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Much of the Commonwealth's stock of affordable housing units was built in the 1960, 1970s and 1980’s. These projects now face the elimination of restrictions that they serve low-income residents due to the potential for owners to prepay their federally-subsidized mortgages, or opt out of their existing Section 8 rental subsidy contracts. To preserve these units requires a combination of resident and community initiative, public and private investment, and technical expertise.

CEDAC works with federal and state agencies to coordinate housing policies that promote the preservation of these existing affordable housing communities.  CEDAC helps community organizations and municipalities leverage the resources they need to prevent these valuable housing units from being lost by helping negotiate the extension of current affordability restrictions or the sale of such projects to non-profit owners; securing new capital investment to meet deferred maintenance or systems replacement needs; and advocating for public policy which supports such outcomes. Given the high costs of new production, preventing the loss of existing affordable housing is a high priority for CEDAC.

In 2009, Massachusetts was selected by the John D. and Catherine T. MacArthur Foundation as a grantee in the State and Local Housing Preservation Leaders program with CEDAC as the lead agency.  Click here for more information.


  Housing Preservation

 

 

Expiring Use Properties in Massachusetts

CEDAC maintains a database of over 125,000 housing units in 1,470 projects located throughout the state.  These properties are privately owned but were produced using state and/or federal housing resources.  Most funding programs required that owners commit to maintaining the properties for a particular period of time – typically 20 to 40 years.  CEDAC uses this database of affordable housing projects to identify when specific projects are eligible to end affordability restrictions and convert to market rate housing.  Periodically CEDAC posts summary reports on the affordable housing stock.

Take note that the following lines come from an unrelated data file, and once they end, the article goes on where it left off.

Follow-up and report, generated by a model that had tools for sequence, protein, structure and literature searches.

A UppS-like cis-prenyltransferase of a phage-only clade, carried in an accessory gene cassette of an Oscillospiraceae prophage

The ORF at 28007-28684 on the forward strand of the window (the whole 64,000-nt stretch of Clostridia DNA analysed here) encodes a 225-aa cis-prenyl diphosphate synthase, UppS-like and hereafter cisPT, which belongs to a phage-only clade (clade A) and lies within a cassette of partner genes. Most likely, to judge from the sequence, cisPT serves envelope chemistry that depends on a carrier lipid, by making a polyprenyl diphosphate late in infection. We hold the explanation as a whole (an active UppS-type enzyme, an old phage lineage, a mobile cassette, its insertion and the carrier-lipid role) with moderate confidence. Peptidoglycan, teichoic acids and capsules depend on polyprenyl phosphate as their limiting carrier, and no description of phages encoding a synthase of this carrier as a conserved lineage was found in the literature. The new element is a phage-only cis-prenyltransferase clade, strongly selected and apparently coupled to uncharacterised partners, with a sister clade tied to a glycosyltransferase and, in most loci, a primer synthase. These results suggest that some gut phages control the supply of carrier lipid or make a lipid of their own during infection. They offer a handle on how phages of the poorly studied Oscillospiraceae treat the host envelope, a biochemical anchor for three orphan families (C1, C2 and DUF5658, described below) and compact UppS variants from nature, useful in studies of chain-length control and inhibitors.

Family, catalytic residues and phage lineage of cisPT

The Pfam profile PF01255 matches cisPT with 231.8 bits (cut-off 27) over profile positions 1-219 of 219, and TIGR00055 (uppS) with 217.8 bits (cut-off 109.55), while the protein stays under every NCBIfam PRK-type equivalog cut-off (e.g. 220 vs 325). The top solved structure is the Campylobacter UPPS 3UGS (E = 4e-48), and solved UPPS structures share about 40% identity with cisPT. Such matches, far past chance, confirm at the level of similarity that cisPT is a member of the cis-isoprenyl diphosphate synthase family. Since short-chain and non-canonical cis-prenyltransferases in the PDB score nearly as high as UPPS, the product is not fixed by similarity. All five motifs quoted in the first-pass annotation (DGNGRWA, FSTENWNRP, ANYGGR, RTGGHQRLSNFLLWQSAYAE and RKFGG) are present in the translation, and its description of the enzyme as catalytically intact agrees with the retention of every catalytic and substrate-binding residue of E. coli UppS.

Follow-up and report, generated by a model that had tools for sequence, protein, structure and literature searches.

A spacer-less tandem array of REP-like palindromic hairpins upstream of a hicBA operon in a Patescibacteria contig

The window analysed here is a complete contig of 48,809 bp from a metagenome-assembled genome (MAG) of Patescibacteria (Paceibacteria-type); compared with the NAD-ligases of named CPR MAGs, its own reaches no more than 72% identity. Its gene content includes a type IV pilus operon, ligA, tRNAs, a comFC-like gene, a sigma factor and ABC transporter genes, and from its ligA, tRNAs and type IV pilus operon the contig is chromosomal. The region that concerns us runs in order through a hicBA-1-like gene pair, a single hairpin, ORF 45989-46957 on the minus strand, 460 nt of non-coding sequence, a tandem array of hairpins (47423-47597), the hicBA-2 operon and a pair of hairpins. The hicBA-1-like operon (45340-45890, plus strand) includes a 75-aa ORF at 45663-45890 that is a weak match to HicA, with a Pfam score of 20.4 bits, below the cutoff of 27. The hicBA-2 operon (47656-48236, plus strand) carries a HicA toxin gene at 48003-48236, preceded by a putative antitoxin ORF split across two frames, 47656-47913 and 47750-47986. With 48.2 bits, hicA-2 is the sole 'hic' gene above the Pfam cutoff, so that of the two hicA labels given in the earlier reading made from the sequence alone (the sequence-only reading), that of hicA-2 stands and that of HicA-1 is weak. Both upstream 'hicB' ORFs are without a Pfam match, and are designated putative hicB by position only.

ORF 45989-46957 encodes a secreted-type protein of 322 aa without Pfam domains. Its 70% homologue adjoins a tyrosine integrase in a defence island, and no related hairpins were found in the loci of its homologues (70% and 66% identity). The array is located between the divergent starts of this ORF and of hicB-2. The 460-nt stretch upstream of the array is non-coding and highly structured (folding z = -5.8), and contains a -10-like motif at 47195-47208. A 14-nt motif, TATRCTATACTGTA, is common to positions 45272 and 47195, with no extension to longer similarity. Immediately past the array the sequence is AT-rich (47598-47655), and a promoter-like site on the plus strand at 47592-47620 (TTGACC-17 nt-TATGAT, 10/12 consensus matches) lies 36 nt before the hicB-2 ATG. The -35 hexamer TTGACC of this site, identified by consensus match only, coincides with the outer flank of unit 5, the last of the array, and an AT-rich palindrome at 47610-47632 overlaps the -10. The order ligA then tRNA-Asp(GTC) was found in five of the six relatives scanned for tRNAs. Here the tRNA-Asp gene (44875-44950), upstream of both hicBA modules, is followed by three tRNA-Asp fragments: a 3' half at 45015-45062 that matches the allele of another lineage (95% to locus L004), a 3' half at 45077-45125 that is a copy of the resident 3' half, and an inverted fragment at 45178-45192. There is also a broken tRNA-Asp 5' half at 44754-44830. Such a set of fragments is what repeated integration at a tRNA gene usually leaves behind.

Research and Reports

Chapter 40T – An Act Preserving Publicly Assisted Affordable Housing
On November 23, 2009, the Governor signed Massachusetts General Law Chapter 40T – An Act Preserving Publicly Assisted Affordable Housing. This landmark legislation aims to help preserve existing privately-owned affordable housing in Massachusetts. The legislation establishes notification provisions for tenants, a right of first refusal for DHCD or its designee to purchase publicly assisted housing, and modest tenant protections for projects with affordability restrictions that terminate.

 

CEDAC has received the following 40T notices in:

Chapter 40 T Resources:

April 2013
May 2013
June 2013
July 2013
August 2013
September 2013
October 2013
November 2013
December 2013 

January 2014 
February 2014 
March 2014


Click here for more...

A Primer on Chapter 40T [PDF]
Klein Hornig Powerpoint Presentation [PPT]
Chapter 40 T Statute [PDF]
Chapter 40 T Regulations [link to 760 CMR 64 ]
DHCD 40T [Website link] 

 

 

VIDEOS

Project-Based Section 8:
The Case for Full Funding

A Case for Preservation:
A Place Called Home

 

On July 17, 2011, CEDAC’s Roger Herzog & Bill Brauner  appeared on WHDH-TV’s Urban Update to discuss the challenges and strategies of preserving our existing affordable rental housing in Massachusetts. View this video below.

 

Find CEDAC’s report on “The Year 40 Problem” under Research and Reports to the left.

 

“Since Chapter 40T was enacted in 2009, no project has lost affordability as a result of a sale.”

Click here to download a fact sheet and review of Chapter 40T.

 

 

CEDAC, 18 Tremont Street Suite 1020, Boston, MA 02108 tel. 617-727-5944 fax 617-727-5990 email cedac@cedac.org